DJ LeMahieu will spend at least one more season as the starting second baseman in 2018. While Rockies fans enjoy another year of Gold Glove caliber defense and excellent on-base ability at the top of the lineup, it is a contract year for LeMahieu, and one can’t help but ponder what lies ahead for LeMahieu and second base in Denver.
LeMahieu, 29, has solidified himself as a model of consistency at the keystone in recent years. His always stellar defense has been complemented by three straight seasons of .300+ hitting. Since coming to the Rockies in a trade with the Chicago Cubs during the 2011-2012 offseason, LeMahieu has made his mark with opposite-field hitting. In each season from 2015-2017, LeMahieu has led all of baseball in opposite-field batted ball direction. This has even led to one of the more dramatic defensive shifts in all of baseball, as the NL West rival Arizona Diamondbacks shifted their outfield to the point where not a soul was in left field. LeMahieu has elicited high praise from Rockies hitting coach Duane Espy, who refers to the second baseman as “a right-handed version of Tony Gwynn.” And even then, it’s easy to make an argument that LeMahieu doesn’t get all the recognition he deserves.
LeMahieu has underwent a quiet transformation as his career with the Rockies progressed, and he’s become one of the best second basemen in baseball. He was an All-Star in 2015 and 2017, a Gold Glove Award at second base in 2014 and 2017, Wilson Defensive Player of the Year at the keystone in 2013 and 2017, and won a National League batting title in 2016 (and career highs in all three categories of a .348/.416/.495 triple slash). In terms of intangibles, DJ also provides the team with a calm, cool, collected clubhouse presence, and he won the Rockies Heart and Hustle Award in 2015.
But second base is anything but settled in Denver. LeMahieu will (barring an extension) be testing the waters of free agency for the first time following the 2018 campaign.
Ryan McMahon appears to have the inside track for the Rockies’ starting first baseman in 2018, but one could easily envision the highly regarded young prospect sliding over to second base should LeMahieu miss any time. Pat Valaika thrived in a utility role in 2017 and should he break camp with the team. He’ll offer a capable option at second base if he isn’t thrust into an everyday role. The backup catcher position will be a battle between Tony Wolters and Tom Murphy. Wolters is a converted middle infielder and by all indications can still provide quality defense at second base. If he makes the roster, he could also see some time at the keystone.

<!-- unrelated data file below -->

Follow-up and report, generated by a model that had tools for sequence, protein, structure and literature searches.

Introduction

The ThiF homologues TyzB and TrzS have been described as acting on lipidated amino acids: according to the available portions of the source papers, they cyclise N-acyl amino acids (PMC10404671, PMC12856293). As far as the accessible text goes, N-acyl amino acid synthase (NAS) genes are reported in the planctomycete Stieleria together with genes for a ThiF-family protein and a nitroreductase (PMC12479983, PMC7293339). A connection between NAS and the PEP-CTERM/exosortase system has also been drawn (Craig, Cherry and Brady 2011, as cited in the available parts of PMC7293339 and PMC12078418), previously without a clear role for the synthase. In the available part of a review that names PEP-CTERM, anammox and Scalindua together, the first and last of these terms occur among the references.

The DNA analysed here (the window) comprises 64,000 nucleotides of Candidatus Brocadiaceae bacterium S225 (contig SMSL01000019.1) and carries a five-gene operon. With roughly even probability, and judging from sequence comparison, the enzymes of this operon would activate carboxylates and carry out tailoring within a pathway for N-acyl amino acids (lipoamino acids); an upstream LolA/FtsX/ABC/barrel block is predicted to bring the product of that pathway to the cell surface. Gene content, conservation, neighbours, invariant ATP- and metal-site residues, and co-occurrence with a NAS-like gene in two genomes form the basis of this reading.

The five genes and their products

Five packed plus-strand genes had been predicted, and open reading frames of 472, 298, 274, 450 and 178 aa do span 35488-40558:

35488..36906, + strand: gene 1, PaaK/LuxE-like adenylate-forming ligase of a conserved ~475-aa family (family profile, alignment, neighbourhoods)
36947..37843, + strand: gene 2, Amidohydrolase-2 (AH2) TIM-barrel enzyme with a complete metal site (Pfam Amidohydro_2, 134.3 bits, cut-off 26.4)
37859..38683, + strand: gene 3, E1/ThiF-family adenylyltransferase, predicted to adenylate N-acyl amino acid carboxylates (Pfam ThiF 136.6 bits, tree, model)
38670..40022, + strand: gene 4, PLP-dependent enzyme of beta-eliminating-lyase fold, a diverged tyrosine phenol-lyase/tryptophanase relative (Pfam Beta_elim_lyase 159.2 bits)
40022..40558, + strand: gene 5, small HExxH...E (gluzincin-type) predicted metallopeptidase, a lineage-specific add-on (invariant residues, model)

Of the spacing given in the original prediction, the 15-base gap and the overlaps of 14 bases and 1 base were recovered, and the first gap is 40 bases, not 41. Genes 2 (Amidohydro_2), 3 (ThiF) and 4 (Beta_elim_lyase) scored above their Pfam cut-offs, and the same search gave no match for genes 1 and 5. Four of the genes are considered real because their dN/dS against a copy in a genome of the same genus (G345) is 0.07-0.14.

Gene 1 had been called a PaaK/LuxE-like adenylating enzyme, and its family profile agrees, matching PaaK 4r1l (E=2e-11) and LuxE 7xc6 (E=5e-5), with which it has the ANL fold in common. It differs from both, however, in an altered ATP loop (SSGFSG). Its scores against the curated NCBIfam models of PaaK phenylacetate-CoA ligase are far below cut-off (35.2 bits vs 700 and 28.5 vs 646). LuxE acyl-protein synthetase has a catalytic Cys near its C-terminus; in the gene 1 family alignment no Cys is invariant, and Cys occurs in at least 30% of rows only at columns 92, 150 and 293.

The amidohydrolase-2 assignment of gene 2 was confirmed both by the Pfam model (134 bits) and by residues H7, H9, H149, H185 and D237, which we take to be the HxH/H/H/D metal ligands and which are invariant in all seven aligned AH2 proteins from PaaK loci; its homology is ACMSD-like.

The Rockies signed a minor-league deal with utility-man Shawn O’Malley over the offseason. While O’Malley has not shown much in his time in the big leagues with the Los Angeles Angels in 2014, or the Seattle Mariners from 2015-2016 (he didn’t even play at the MLB level in ’17), the 30-year-old has experience at second base, as he does with all positions except first base, catcher, and pitcher. The Rockies also re-signed Daniel Castro to a minor-league deal in late-January after he spent time with the organization at Triple-A Albuquerque in 2017. While Castro also has not shown much ability with the bat in his time in the big leagues with the Atlanta Braves, he has posted quality defensive numbers at second base, and will be around as a depth option.
On the Farm
PuRP No. 1 Brendan Rodgers may make his MLB debut sometime in 2018 but, barring an exceptional celestial event, he will not make the Opening Day roster. Rodgers is a shortstop by trade, but the Rockies are giving him time at second base so he gets familiar with the position. While I don’t want to speculate too much on what General Manager Jeff Bridich and the rest of the front office are thinking, if the organization were to let LeMahieu walk away, it certainly seems plausible that Rodgers could slide into the role of second baseman in 2019 and beyond.
Then there’s PuRP No. 9 Garrett Hampson, who has had nothing but success in his first two minor league seasons. For his efforts, Hampson made the 2018 All-KATOH team at FanGraphs and has an MLB ETA of 2019. There’s also PuRP No. 16 Forrest Wall, who suffered an injury-plagued 2017, but he appears to be making a full transition to the outfield.
It would be tough to see a talented fan-favorite player like LeMahieu go, but the Rockies have a lot of minor-league depth in the middle infield, including one of the best prospects in baseball in Rodgers.
If Catastrophe Strikes
Somehow, Neil Walker is still a free agent. If disaster strikes it would be better for the Rockies if it happened soon so they could pick up Walker. He’s coming off a solid 2017 split between the New York Mets and Milwaukee Brewers, when he slashed .265/.362/.439, and is just a year removed from an even better .282/.347/.476 batting line with the Mets. If LeMahieu were to sustain a significant injury, Walker would be a great backup option. If the catastrophe is really bad and Rodgers isn’t ready, the Rockies may need to turn to one of O’Malley or Castro.